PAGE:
One story will give some sense of the burdens laid upon him by his parents. Our second year together, Charlie very kindly invited me to join his family for Thanksgiving dinner at their colonial Belmont home. … A topic was proposed for discussion during the taking of the wine, and we entered into a lively debate, while papa sat in a corner with a pad and pen and wrote another book, nodding into the conversation from time to time without actually joining it. At issue was whether it would be immoral for the aunt to buy a new car before her present vehicle had entirely worn out. Strong views were offered pro and con, but in the end, a consensus was reached that this would indeed be immoral. At no time, I am happy to say, did the discussion descend to the level of considerations of prudence. It was all on a high moral plane.
Finally dinner was served. After we had seated ourselves around the table, Mrs. Parsons, who was herself a social scientist, turned to Ann and said, “Ann, would you bring in the potatoes, please?” She then explained to me, as the guest, “It is traditional in our family for the older daughter to bring in the potatoes.” Next, she turned to Susan, and said, “Susan, would you bring in the vegetables?” Once again, she explained, “In our family, it is traditional for the younger daughter to bring in the vegetables.” Finally, she turned to her husband, and said, “Talcott, would you carve the turkey?” Yet again, “It is traditional in our family for the father to carve the turkey.”
At first, I was utterly mystified by these elaborate explanations, until, with a flash of methodological insight, I realized what was going on. This was a collection of intellectuals who had read in books that one of the latent functions of social rituals was to preserve the unity of kin structures. So they were deliberately, by the numbers as it were, reenacting a social ritual that they had self-consciously created in an effort to reinforce the ties that bound them. It was a textbook exercise, complete in every way save for any vestige of spontaneous feeling or manifest pleasure.
Professor Parsons proceeded to address the bird, a big, beautifully cooked production to which he applied a carefully sharpened carving knife. He made a series of passes that barely damaged the turkey, producing a neat stack of extremely thin slices. Each plate received one of them, together with a spoonful of the potatoes and the vegetables, a bit of stuffing, and a dollop of gravy. Then we dug in.
Coming as I do from a culture in which eating occupies pride of place among all the bodily functions, including sex, I inhaled my plate of food almost before the others had taken up their knives and forks, and looked around expectantly for seconds. But they were not to be. The turkey, still almost whole, was returned to the kitchen, and plates were ceremonially cleared, ready to be washed, though in my eyes they barely needed it.
Nice video of philosopher Martha Nussbaum discussing her seminal book on morals, The Fragility of Goodness. Is it just me, or was television better in the past?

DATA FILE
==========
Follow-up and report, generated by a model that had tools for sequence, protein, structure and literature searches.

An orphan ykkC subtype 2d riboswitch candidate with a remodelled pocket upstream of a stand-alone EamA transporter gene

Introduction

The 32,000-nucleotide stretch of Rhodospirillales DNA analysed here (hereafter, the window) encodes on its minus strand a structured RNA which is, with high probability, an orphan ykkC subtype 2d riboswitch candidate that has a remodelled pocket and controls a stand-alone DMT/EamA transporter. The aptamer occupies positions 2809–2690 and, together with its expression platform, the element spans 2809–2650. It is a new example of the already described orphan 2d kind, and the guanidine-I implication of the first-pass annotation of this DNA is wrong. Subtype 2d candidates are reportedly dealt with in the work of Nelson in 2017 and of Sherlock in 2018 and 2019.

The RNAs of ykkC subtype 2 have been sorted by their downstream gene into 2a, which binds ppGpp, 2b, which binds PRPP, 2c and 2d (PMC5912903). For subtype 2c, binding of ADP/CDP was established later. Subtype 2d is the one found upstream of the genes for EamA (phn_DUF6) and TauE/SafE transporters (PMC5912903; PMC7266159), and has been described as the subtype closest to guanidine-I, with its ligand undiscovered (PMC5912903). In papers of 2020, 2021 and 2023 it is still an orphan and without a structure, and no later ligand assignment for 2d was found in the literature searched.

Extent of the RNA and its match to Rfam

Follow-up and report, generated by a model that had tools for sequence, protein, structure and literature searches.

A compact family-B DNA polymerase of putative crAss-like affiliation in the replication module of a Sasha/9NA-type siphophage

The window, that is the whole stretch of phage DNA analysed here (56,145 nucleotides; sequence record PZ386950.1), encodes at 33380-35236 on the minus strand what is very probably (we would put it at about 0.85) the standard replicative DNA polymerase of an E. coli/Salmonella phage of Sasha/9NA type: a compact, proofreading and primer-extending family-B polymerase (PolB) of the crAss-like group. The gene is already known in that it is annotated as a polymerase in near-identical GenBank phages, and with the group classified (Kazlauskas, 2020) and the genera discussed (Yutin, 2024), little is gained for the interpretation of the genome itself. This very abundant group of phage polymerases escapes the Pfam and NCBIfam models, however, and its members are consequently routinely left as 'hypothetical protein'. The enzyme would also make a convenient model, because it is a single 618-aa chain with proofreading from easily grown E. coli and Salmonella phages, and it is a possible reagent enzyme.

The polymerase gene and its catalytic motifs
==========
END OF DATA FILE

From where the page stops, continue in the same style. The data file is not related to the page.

John Searle has written a new book that should be of interest to many of you. Following the line of thought of his earlier The Construction of Social Reality, Searle’s Making the Social World tries to explain how we create a world of institutions, like organizations and culture, from a physical world that seems to play by a different set of principles. He starts by identifying a simple principle that he thinks can explain much of what counts for social reality. Here’s an excerpt from the introductory chapter:
It is typical of domains where we have a secure understanding of the ontology, that there is a single unifying principle of that ontology. In physics it is the atom, in chemistry it is the chemical bond, in biology it is the cell, in genetics it is the DNA molecule, and in geology it is the tectonic plate. I will argue that there is similarly an underlying principle of social ontology, and one of the primary aims of the book is to explain it. In making these analogies to the natural sciences I do not imply that the social sciences are just like the natural sciences. That is not the point. The point rather is that it seems to me implausible to suppose that we would use a series of logically independent mechanisms for creating institutional facts, and I am in search of a single mechanism. I claim we use one formal linguistic mechanism, and we apply it over and over with different contents (7).
The claim that I will be expounding and defending in this book is that all of human institutional reality is created and maintained in existence by (representations that have the same logical form as) [Status Function] Declarations, including the cases that are not speech acts in the explicit form of Declarations (13).
Searle isn’t saying that every speech act makes the world change and therefore has a declarative effect. But some sorts of speech are intended to “change the world by declaring that the state of affairs exists and thus bringing that state of affairs into existence” (12). These declarative speech acts, then, are the fundamental units of any institution because without them humans would be completely constrained by reality as it stands now. They would be unable to create anything new.